Tuesday, November 09, 2004

Drawing the Wrong Conclusions(OR fun with math)

Much has been made about the rising up of the evangelical vote in last Tuesday's election. I do not believe that the large evangelical turnout tells the complete story of the 2004 election.

The following is a list of candidates and their vote totals from 2000 that ran on either a conservative or Libertarian ticket:
Harry Browne (LBT, LBT-IA, LBF, I) 384,000
Patrick J. Buchanan (REF, RFM, FRE, BP, BR, CF, IDP, RTL, I) 449,000
Howard Phillips (CON, CST, AIP, AMC, BP, CNC, CPF, IAP, UST, I) 98,000
Notice that these candidates received 1,764,000 votes nationwide.

Now look at the candidates that ran on either a conservative or libertarian ticket in 2004:
Badnarik 383,000
Peroutka 132,000
Notice that these candidates only received 515,000 votes nationwide. That is a difference of 1,249,000 votes between 2000 and 2004.

Why is this important, well lets look at Ohio:
In 2000:
Harry Browne (LBT, LBT-IA, LBF, I) received 13,475 votes
Patrick J. Buchanan (REF, RFM, FRE, BP, BR, CF, IDP, RTL, I) -26,724
Howard Phillips (CON, CST, AIP, AMC, BP, CNC, CPF, IAP, UST, I) -3,823
That is 44,022 votes in Ohio for conservative and libertarian candidates.

In 2004:
Badnarik received 14,331 votes and
Peroutka- 11,614votes.

That is 25,654 votes for conservative and libertarian candidates and a net difference of 18,368. Assuming that those who voted in 2000 for a third party voted for Bush in 2004, it can be determined that those 18,368 votes did have an effect in that the margin for Bush in Ohio was only 136,000 votes and those 18,368 could have constituted 14% of Bush's margin of Victory(18,368/136,000).

The point in all of this, and I am not sure I made it, is that while evangelical turnout may have helped Republicans keep pace with the Democrat's increase in turnout, I would suggest that Conservative and Libertarian voters who normally cast their vote for a Third party, cast their vote on Tuesday for Bush and helped put him over the 50% mark.

Lets look at it this way. In 2004, 1,249,000 fewer voters cast their ballots for a Libertarian/conservative candidates then did in 2000 while voter turnout increased. If those voters followed their normal voting pattern(assuming they voted for Bush this time around), Bush would have received 58,527,000 voters rather than 59,770,000 and he would have dropped from 51% of the popular vote to 50%. (Bush's vote total{58, 527,000}/ total votes{117,017,627})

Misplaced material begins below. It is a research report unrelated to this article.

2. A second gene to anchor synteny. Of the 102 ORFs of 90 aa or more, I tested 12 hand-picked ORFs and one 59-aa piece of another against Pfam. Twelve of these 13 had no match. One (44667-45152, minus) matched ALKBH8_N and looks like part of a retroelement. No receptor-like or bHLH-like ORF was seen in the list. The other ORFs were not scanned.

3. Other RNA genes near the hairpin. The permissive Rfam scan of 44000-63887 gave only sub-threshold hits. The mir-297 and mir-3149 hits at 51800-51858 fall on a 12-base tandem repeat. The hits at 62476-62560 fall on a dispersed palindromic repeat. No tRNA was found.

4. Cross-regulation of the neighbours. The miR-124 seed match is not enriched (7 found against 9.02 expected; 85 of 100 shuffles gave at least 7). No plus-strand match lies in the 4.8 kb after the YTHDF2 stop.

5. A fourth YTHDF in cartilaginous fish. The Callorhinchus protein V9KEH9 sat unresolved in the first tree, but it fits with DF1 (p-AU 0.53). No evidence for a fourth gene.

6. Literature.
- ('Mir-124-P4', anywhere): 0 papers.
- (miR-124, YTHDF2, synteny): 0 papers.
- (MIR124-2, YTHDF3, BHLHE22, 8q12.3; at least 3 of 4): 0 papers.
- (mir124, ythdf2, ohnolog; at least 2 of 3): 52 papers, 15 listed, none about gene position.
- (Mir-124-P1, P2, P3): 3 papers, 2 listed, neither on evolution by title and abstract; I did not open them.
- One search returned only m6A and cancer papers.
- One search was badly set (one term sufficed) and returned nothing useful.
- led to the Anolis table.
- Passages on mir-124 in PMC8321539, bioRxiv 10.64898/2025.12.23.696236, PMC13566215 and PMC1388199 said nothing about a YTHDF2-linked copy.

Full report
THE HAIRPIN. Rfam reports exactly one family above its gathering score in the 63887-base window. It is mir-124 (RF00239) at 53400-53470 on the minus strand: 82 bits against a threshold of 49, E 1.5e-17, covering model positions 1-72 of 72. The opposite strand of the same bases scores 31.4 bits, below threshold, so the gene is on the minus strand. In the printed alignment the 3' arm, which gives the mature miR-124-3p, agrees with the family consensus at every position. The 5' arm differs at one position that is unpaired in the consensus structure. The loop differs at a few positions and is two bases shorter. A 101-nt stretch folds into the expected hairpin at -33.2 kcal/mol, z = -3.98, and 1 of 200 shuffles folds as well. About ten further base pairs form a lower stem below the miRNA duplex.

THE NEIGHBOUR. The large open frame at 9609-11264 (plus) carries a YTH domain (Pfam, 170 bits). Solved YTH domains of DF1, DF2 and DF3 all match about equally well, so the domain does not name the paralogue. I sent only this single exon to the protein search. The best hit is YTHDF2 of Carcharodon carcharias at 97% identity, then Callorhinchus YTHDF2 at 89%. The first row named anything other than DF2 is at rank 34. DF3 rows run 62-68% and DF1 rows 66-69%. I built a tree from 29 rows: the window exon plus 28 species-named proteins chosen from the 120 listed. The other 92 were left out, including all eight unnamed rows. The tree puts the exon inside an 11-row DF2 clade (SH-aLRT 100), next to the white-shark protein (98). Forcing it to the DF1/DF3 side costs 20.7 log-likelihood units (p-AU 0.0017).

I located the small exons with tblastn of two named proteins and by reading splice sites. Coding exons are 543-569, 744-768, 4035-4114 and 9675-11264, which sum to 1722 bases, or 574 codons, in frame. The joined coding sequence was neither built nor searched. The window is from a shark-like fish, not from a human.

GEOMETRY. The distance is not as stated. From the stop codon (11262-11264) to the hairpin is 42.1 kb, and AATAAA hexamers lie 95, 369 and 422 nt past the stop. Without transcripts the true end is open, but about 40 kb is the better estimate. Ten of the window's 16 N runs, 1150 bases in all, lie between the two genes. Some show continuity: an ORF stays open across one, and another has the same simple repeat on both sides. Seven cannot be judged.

Now a 1% swing does seem trivial, but I believe that the psychological factor of breaking the 50% barrier allows Bush to claim a larger mandate than would a 49% or 50% total. Also, the 1,249,000 voters who did not vote for a conservative/libertarian candidate could have constituted 36% of Bush margin of Victory Nationally( The difference in third party Lib/Con voters from 2000 to 2004{1,249,000}/Margin of Victory {3,463,000})

Now this all highly speculative and I would NEVER claim to be a master of statistics, but it does seem to suggest that conservative/libertarian voters may have come "Home" to the GOP for this election. These voters generally support pro-choice, pro-gay marriage, strict budgetary constraints, and smaller governments. If these voters did indeed support the President this time around, the question remains, why would they support a President who appears to be against their core beliefs? The Answer, of course is The war on Terror. Contrary to common wisdom, an important swing voting bloc may have been influenced into voting for Bush not because of Social issues, but because of 911. My main fear is that all of this talk of an evangelical mandate may turn off 36% of Bush's margin of Victory in this election and may result in a backlash against the GOP in Future elections.

Now, all of this raises question about the rolls of Third party candidates in future elections. Could our highly divided electorate signify the end of "viable" third party candidates like Perot and Nader? Have third parties reached their pinnacle of influence with their effect on the 92 and 2000 elections? And, if third parties are no longer a viable alternative, what will be the effect on the two major parties; will they adopt certain aspects of the third parties(like in the early 1900's), or will they ignore their views and chase away a portion of the population from participating in elective government? Time will only answer these questions, but I believe that we may not have to wait too long before they answered.